This is an institutional problem. Conclusion The editor should ask whether Dr M had even discussed the matter with Dr L; Dr M and Dr L should be asked to get together and agree what their contribution was in the light of the Vancouver guidelines (irrespective of what happened with the abstract). If they failed to agree then the matter should be referred to their institution.
A journal published a letter from a student only to discover that it was not written by him. The editor has written to him and his dean apologising, and the journal is publishing a piece saying that the letter was not written by the student. It seems most likely that the piece was written by one of his fellow students. Should we encourage the dean to hold a full investigation?
Letters to the editor are difficult to authenticate. The journal should publish a retraction and highlight this with an editorial. The dean should be notified and advised to write to every student pointing out this breach of ethics.
The journal published a letter of retraction and an editorial discussing the offence. The journal also made an official complaint to the dean. The culprit was not investigated.
Two authors wrote to me to ask if they could publish a scientific paper anonymously. The authors work in a general practice that had switched its cervical cytology contract from one laboratory to another. Some time after the switch they noticed that the rate of abnormal smears had almost doubled. This has profound implications for the practice and particularly for the women whose smears were positive. The authors said that they wanted to publish their findings anonymously because: “We have no wish to blame or criticise anyone, even though some of our patients have been harmed by unnecessary distress and anxiety. We simply want to highlight the limitations of the test.” What does the committee think I should do?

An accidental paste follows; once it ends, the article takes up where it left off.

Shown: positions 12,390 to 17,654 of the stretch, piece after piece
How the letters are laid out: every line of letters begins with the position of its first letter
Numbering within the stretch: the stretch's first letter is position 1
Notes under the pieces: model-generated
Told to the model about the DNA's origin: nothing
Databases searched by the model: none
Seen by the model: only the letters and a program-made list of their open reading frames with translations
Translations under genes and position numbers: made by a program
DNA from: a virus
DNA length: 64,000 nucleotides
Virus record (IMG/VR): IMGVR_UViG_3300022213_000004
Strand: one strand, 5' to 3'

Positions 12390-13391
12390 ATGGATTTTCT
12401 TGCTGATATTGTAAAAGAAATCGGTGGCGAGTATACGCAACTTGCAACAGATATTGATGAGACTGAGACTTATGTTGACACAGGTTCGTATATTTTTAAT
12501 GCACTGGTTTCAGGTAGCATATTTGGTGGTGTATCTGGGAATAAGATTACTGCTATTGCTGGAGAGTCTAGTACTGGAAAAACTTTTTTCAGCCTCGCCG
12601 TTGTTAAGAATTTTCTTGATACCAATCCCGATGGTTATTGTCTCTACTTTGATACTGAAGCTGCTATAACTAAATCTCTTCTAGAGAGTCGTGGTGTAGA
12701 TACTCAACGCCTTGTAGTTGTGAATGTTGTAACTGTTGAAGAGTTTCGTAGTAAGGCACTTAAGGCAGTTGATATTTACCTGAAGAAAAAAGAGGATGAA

The assumption is that everything should be signed and there is no adequate reason for anonymisation. Writing a paper is like signing a cheque and the authors must be prepared to take the responsibility. The laboratories concerned could be anonymised. The distinction is that this is a scientific paper and the authors have to be prepared to stand by what they report and therefore they must sign as authors (cf, a personal view). This case is not so different from the cases of results which did not agree with established dogma. The case epitomises a lack of confidence and must not be anonymised. All the case does is make the variability between laboratories explicit; it is not saying one laboratory is better than the other. Conclusion To refuse the authors their request of anonymity: the study is not novel anyway.